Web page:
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Discussion Starter · #1 ·
Hello ya'all,

I have been cooking for two decades, just now taking my first chef position in a italian eatery. The place I am going to be managing currently does not offer gluten free pizza , because "they have wheat flour in the oven and that would make the gluten free crust covered in wheat flour".

Pretty sure this is incorrect. I mean, we could be coating with semolina or similar instead of flour, but further more, isn't gluten when proteins mix with water and the glutens are worked ?

Is there some sort of resource that I could find to help educate my  owners so we can offer gluten free?

Thanks in advance,

--IceMan
 

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First off, kudos for trying to accommodate gluten free people at your new gig.

FYI, semolina contains gluten, it is a wheat flour. So using semolina won't help.

And no, gluten is not formed from mixing or making dough. It is a protein present in the wheat itself and ever present. We WORK the gluten in doughs to make them more developed and tougher (as in bread and pasta) but they are always there.

They are most likely correct about the oven, it is contaminated. People on low or no gluten Diets might not notice, but people with allergies like celiacs definitely can't do that.

Your best bet would be using a pizza pan or sheet tray to bake a pizza with a gluten free crust, but even that might be spotty for celiacs.

It's tough but maybe not in the cards for you guys
 

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Discussion Starter · #3 ·
Interesting, I guess I need some education on this too. Out of twenty years, you think I would know exactly what I am talking about, but I can't live without gluten lol!


Yeah, a sheet pan wouldn't really do the trick for crispness , probably be to soggy. Not going to stop me from trying. Could I steel-brush the flour off the deck before putting down a GF pizza? Or maybe a marble stone just for GF?

I would like to sell them, considering the demand for it, and the other pizza places in town are selling them.


"I swear Gluten killed Ghandi" ~~JP Sears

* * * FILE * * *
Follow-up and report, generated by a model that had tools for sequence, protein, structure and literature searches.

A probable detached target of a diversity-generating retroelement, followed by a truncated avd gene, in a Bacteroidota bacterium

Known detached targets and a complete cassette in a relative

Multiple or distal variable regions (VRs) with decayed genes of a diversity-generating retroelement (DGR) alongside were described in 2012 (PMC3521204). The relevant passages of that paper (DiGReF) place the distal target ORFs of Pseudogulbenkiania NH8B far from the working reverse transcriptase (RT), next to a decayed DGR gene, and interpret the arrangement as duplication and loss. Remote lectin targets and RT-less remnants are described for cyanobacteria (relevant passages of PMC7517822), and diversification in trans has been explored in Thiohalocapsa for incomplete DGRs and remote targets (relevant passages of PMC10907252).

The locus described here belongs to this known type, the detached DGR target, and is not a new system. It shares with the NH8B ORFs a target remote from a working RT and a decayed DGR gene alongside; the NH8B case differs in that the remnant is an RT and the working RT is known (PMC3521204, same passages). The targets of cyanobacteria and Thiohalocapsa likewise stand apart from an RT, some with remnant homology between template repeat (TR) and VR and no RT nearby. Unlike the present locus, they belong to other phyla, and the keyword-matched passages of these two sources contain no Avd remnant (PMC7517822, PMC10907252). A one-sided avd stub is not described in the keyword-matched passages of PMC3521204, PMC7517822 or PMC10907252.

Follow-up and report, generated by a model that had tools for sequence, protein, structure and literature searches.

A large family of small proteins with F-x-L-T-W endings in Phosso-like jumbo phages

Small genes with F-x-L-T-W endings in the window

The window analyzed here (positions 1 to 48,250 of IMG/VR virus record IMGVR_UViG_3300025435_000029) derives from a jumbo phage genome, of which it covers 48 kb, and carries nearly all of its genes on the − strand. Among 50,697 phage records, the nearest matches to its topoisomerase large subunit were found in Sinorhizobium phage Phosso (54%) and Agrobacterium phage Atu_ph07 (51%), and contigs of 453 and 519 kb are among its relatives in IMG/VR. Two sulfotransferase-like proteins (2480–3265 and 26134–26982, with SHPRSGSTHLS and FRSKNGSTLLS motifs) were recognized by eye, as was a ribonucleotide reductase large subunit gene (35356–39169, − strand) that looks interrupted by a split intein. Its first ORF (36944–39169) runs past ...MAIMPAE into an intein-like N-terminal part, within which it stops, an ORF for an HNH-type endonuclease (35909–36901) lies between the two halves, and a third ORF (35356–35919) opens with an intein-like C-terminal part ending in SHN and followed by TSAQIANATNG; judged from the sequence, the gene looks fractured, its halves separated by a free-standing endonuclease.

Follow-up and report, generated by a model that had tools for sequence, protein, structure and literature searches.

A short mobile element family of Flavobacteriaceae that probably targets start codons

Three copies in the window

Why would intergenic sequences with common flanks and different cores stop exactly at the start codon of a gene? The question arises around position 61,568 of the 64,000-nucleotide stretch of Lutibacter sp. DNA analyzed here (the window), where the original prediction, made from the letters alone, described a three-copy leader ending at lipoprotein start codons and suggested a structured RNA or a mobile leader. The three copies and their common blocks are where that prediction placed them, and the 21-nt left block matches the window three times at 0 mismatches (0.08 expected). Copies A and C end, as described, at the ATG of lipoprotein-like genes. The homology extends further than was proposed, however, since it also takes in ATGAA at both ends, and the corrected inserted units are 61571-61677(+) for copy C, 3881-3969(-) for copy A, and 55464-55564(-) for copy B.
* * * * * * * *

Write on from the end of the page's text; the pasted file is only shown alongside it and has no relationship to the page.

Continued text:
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I have worked at places that used cornmeal in the pizza oven, but the oven would still be off limits to people with celiac disease; not only that but cornmeal while naturally gluten fee, is sometimes manufactured by mills that process wheat products as well, so you have to be sure to buy cornmeal certified as manufactured in a gluten free process.

On the bright side, the general public's honeymoon period for gluten free (except for those with celiac disease) is on the wan. Ketogenic is going to be the next hot bandwagon, so beat your competitors to the punch and be the first in your area to offer a ketogenic pizza.
 

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Discussion Starter · #11 ·
Would it be feasible to section off a small portion of the pizza oven and stack a couple of pizza stones on top of each other to elevate them above the oven floor?

RedBeerd
Not in a bind, I can do a couple of em at a time, but in the event I have three or four, I am in trouble. They haven't had gluten free crusts this whole time, so this is really just me trying to find a way to make it happen.
You may want to place a disclaimer on your menu, something to the effect: "Although our oven has been thoroughly cleaned, or gluten free pizza are baked in ovens that may contain wheat residue." I suspect someone with celiac disease will avoid a pizza restaurant (I could be wrong!).
Thanks for the info, good idea.
 
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